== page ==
FRESNO, Calif. (AP) — Water regulators Thursday recommend dismissing a historic $1.4 million fine issued at the height of California's drought against a group of Central Valley farmers accused of taking river water that didn't belong to them.
It marks a sharp reversal to the first of such fines against an individual or district with claims to water that are a century old. Entities with those rights have long enjoyed immunity from cutbacks.
In a draft order, the State Water Recourses Control Board found that its prosecutors failed to prove its case against Byron-Bethany Irrigation District.
The case should have never gone to a hearing, said attorney Dan Kelly, who represented Byron-Bethany, a district that serves 160 farms east of San Francisco.
"The prosecution team certainly held this out as a test case, something that would teach everyone not to ignore the state water board," Kelly said. "The fact that they didn't have sufficient evidence to prove what they were alleging is troubling."
The water board also recommended dropping a similar civil case against West Side Irrigation District, which serves farmers near Tracy and also accused of taking water without the proper authority. State officials had not proposed a fine for West Side.
The turn-around raises several questions, said attorney Jeanne Zolezzi, who represents West Side.
"There's a real question whether the state board is the policeman of how much water is in the river and who should be able to take it," said Zolezzi, noting that has historically been left to the courts to decide.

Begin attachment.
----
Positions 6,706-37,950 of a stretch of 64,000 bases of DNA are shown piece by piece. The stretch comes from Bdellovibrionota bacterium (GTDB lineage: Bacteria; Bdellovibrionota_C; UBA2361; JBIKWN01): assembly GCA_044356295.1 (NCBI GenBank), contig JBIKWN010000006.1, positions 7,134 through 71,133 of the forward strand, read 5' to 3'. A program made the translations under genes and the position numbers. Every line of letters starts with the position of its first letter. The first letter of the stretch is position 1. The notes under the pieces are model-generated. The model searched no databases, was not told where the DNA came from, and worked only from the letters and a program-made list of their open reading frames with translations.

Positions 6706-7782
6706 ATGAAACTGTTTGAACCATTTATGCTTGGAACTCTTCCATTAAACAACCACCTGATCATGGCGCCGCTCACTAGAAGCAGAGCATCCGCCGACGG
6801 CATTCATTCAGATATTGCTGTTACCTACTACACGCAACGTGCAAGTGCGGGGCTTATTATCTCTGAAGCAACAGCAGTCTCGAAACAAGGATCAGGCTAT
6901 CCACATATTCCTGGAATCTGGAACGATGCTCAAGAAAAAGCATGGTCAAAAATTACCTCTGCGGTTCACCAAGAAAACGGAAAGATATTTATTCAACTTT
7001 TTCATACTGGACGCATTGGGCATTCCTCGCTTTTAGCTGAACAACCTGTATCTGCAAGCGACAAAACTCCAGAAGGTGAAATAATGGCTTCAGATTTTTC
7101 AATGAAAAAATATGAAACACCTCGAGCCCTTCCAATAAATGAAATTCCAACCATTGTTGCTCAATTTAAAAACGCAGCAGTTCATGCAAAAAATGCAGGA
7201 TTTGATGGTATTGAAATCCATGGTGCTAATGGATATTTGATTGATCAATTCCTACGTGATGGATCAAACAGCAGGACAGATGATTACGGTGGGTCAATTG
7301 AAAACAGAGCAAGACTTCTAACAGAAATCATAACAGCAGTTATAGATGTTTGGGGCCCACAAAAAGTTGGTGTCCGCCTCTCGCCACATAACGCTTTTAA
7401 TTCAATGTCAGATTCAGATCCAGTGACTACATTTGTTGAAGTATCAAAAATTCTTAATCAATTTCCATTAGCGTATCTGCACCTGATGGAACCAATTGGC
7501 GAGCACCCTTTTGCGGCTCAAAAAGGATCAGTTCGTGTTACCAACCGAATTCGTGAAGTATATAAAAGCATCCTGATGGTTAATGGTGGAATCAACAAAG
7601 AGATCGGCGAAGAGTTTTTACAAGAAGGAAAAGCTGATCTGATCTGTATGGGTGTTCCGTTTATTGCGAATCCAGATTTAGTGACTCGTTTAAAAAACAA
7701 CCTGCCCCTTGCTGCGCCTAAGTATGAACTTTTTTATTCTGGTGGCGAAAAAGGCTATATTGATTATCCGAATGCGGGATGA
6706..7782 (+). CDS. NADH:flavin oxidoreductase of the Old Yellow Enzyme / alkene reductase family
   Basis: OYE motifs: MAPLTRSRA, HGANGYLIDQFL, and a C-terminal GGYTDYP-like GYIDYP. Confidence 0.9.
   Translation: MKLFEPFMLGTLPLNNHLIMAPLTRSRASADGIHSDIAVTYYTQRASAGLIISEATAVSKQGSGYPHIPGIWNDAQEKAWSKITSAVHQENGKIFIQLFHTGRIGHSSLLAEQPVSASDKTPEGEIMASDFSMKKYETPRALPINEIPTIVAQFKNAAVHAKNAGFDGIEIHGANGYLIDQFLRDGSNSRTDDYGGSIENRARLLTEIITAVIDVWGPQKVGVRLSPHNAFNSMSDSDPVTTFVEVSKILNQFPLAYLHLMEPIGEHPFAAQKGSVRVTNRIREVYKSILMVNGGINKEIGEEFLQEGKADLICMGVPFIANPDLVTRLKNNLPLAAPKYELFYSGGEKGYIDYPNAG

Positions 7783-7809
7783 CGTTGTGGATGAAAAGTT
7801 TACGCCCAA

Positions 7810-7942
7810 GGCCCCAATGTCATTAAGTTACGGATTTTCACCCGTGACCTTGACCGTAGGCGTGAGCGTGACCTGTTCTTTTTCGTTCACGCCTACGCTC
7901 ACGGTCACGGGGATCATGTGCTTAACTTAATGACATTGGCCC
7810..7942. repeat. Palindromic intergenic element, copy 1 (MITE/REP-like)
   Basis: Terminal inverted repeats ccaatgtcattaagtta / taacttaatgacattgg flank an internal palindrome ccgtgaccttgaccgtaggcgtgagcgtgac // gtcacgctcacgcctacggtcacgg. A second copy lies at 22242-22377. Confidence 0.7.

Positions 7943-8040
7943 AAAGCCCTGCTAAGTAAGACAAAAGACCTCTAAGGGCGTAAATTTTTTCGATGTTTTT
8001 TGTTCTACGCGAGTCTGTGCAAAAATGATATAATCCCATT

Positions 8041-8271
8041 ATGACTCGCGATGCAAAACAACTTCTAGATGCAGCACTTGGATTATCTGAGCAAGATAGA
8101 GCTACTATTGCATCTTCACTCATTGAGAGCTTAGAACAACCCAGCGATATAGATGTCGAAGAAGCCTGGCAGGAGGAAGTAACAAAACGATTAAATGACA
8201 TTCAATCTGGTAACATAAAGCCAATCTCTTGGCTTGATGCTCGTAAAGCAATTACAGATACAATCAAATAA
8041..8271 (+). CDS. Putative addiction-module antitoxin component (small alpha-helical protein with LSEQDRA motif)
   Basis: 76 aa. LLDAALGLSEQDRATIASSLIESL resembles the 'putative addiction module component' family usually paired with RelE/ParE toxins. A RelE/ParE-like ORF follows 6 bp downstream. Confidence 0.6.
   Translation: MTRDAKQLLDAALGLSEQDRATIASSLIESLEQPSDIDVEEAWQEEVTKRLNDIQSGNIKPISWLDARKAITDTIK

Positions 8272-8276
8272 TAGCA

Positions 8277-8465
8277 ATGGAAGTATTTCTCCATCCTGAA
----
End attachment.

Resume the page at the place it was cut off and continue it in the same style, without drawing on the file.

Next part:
After the state issued its complaints, both districts asked for a hearing to defend themselves. The state's prosecutors put on its case in March, and state water board officials overseeing the hearing abruptly halted it before the districts could put on their cases in defense.
The draft order dismissing the two cases says the water enforcement officials couldn't explain the basis for alleging that the district took more water than they had a right to take.
State Water Board spokesman George Kostyrko said the allegations appeared to be true when they were first made at the height of California's drought, when hundreds of farmers throughout the state were being ordered to stop taking river water.
A fair and impartial hearing process showed otherwise, he said.
"This happened during a fourth and very crucially dry year in California," he said. "It appeared that some parties had been taking water that didn't belong to them."
The decision to dismiss the cases against both irrigation districts must be approved June 7 by the full State Water Resources Control Board before becoming final.
Attorneys for both districts said they will seek damages and attorneys' fees in court. For Byron-Bethany, Kelly said that will be more than $1 million.